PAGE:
Prof. Diana Kloss MBE
Professor Diana Kloss MBE is one of the country's leading authorities on occupational health. An academic, barrister, author and government adviser, her career has spanned more than 50 years. Now at an age when most people would have long since retired, she is showing no signs of slowing down. .
Diana Kloss graduated from King's College London with a first-class degree in law. She won a Fulbright Scholarship to Tulane University in New Orleans, where she wrote her master's thesis on comparative law. Back in the UK, she took up what was billed as a temporary job as a lecturer at Manchester University. She is still teaching there today.
Professionally, Diana's main focus has been on disability discrimination and occupational health. For her, the interest lies in the overlap between the worlds of work and medicine, and in the potential for conflicts of interest. 'I'm interested in the rights of both workers and employers,' she says. 'Occupational health professionals can sometimes find themselves in a very difficult position.'
In 1989, she published the first edition of 'Occupational Health Law', which remains the standard reference work on the subject. Known as the Bible for anyone involved in occupational health, it is now in its 5th edition, with a 6thon the way.
It was around this time too that Diana made the move to combine her academic work with a role as a practising lawyer. Although she had qualified as a barrister earlier on, she did not go into practice until the age of 50. 'I was the oldest pupil on the northern circuit,' she says. 'I remember going into court one day and realising that not only had I taught the QC on the other side, I'd taught the judge too!'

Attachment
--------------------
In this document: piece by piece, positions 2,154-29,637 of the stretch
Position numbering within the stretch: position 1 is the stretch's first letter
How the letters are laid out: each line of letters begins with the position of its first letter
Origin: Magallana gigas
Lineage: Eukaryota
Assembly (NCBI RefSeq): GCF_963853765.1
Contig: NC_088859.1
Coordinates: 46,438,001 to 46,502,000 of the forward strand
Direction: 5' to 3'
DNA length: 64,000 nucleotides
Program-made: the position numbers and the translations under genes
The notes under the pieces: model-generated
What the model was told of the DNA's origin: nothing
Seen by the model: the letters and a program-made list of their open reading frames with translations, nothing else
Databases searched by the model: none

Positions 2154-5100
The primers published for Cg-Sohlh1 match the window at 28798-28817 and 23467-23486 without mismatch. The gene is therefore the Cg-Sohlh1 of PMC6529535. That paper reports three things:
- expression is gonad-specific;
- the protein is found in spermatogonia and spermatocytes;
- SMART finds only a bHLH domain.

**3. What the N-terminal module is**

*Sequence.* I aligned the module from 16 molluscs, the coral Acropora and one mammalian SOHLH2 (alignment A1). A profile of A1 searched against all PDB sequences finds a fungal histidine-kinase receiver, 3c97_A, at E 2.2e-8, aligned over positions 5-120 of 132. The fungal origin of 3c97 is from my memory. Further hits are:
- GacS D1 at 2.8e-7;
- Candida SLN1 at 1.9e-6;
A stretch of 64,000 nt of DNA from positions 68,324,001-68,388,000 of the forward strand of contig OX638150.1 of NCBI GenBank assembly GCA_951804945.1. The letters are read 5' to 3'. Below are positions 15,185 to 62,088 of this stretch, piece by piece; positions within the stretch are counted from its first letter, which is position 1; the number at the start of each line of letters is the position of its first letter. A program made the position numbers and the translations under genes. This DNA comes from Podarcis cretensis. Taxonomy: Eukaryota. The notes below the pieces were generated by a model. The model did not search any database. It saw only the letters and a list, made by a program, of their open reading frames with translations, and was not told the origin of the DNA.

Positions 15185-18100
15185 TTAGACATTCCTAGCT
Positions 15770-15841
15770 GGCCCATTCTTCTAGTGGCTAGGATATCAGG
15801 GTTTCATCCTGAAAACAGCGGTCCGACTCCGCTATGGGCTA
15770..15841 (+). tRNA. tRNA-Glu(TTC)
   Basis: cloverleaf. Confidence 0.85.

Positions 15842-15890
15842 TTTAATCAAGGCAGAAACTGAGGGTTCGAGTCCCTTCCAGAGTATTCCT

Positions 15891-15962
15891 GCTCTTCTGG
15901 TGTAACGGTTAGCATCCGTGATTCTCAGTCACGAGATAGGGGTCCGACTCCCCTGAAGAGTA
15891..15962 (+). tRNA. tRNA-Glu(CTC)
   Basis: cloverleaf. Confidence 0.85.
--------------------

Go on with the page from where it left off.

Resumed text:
Within a few years, she had been appointed a part-time judge in the employment tribunal, a post she held for 17 years. At the same time, she continued to teach part-time, while her growing expertise and influence led to increasing demand for her services as an adviser at the highest level.
She has sat on a number of government committees, including the Expert Advisory Group on AIDS, the CJD Incidents Committee and the Industrial Injuries Advisory Council. She has also advised several police forces, local authorities, NHS Trusts and large companies on issues of occupational health law, and is an ACAS arbitrator.
In 2010, she was appointed chair of the Council for Work and Health, which was set up in the wake of Dame Carol Black's report demonstrating the link between work and physical and mental well-being. Among the report's recommendations were that occupational health professionals work more closely together. The Council's role is to support the various disciplines in collaborating with each other, to respond to government policies and to advise on fresh initiatives such as the introduction of the new fit note and the Health and Work Service.
Since 2011, she has been a visiting professor here at LSBU, teaching law to students on occupational health nursing courses. She is a director of Syngentis, a not-for-profit company supporting NHS occupational health services with research and advice.
She is a trustee of the Manchester Settlement, a charity established in 1895 which provides a range of services to the community in Ancoats, a deprived part of east Manchester, and a governor of Manchester School for Girls. In what one can only imagine must be her VERY limited free time, she enjoys travelling, gardening, music and theatre, and spending time with her two grandchildren.
Diana Kloss has been elected an Honorary Fellow of the Faculty of Occupational Medicine of the Royal College of Physicians and an honorary life member of the Society of Occupational Medicine. In 2009 she was appointed MBE for services to occupational health. Now, Pro Chancellor, in recognition of her outstanding contribution to occupational health law, I present her to you for the award of Honorary Fellowship.